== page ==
As she coped with perimenopause, Heidi’s wish list was short: She just wanted to be able to function and to feel normal. It doesn’t seem like a lot to ask but given society-wide deficits in the understanding of menopause and how it affects women, getting to feel normal can seem like climbing Mount Everest. “It’s been seven years of perimenopause, and no one has shared their experiences with me,” said Heidi.
For Heidi, perimenopause meant periods that became so heavy that she had to wear two extra-super tampons and an overnight pad to deal with the flow. And she had to change her bulky protection every hour and a half or risk bleeding through her clothes.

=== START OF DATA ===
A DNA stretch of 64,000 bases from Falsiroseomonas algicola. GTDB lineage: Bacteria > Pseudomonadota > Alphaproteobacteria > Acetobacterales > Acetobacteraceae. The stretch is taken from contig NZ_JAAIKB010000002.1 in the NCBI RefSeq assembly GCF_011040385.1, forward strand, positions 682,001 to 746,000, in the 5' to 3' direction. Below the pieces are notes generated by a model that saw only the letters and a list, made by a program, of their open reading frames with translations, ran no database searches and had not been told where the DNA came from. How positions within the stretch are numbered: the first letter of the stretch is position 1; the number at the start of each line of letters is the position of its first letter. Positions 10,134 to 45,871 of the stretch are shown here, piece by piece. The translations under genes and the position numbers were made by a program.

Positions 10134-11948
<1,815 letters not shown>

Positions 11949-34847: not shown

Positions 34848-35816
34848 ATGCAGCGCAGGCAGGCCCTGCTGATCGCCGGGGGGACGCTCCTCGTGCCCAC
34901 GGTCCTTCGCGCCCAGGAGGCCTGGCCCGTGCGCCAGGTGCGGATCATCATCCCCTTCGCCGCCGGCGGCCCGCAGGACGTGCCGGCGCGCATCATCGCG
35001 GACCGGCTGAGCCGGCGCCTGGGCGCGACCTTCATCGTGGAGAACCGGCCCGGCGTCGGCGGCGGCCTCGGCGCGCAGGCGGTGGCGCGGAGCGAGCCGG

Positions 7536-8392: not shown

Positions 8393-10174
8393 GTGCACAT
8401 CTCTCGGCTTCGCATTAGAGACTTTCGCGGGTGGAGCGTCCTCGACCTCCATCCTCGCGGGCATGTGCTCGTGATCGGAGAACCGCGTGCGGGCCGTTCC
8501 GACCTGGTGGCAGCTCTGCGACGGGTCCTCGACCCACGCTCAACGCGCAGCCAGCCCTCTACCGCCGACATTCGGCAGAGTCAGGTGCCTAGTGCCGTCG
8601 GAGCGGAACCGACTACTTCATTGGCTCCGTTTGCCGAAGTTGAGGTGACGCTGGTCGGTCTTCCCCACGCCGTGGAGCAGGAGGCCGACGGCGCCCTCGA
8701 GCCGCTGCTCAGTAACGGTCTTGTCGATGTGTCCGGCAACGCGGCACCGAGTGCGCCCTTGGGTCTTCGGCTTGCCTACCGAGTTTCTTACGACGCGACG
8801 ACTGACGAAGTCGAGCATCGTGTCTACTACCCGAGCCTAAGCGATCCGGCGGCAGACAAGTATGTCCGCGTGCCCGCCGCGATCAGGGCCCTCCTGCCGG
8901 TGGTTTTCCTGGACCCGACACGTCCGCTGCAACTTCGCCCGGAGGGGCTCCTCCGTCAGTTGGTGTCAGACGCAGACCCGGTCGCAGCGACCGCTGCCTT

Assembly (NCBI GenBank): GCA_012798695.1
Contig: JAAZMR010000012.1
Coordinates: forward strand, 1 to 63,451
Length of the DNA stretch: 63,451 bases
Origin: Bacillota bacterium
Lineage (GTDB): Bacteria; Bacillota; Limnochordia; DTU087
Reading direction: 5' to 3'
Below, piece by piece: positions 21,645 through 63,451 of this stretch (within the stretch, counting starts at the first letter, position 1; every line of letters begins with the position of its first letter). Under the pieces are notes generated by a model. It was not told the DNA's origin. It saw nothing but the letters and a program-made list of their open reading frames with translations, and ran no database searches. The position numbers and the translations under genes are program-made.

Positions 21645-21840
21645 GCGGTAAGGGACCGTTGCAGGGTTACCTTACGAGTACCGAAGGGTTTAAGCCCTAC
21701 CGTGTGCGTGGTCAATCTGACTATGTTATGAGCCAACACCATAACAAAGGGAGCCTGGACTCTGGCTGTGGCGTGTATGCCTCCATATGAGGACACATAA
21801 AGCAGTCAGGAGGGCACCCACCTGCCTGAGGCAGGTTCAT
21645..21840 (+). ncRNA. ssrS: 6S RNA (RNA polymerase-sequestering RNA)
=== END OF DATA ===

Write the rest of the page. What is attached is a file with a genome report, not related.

It was emotionally stressful and there were practical challenges. “The tiny bins in the stalls of the shared office washroom could not nearly accommodate the garbage I produced,” she said. “I had to bring in my own garbage bags and wet naps. It was a nightmare on top of all my other symptoms.”
COVID19, the symptoms, the death of her mother and a lack of access to a family physician contributed to years of challenge in finding relief. However, last year she was able to get a family doctor who is supporting her to get back her health.
Heidi believes a few basic changes in the workplace would make a big difference. Adequate washroom facilities and being able to work from home one or two days a month when symptoms are at their worst would make a big difference.
But Heidi cites lack of information and understanding as the biggest issues. “There needs to be training and education for those in charge,” she said. Heidi believes better informed women, employers and doctors will better enable women to cope, lessening disruption and reduced productivity in the workplace.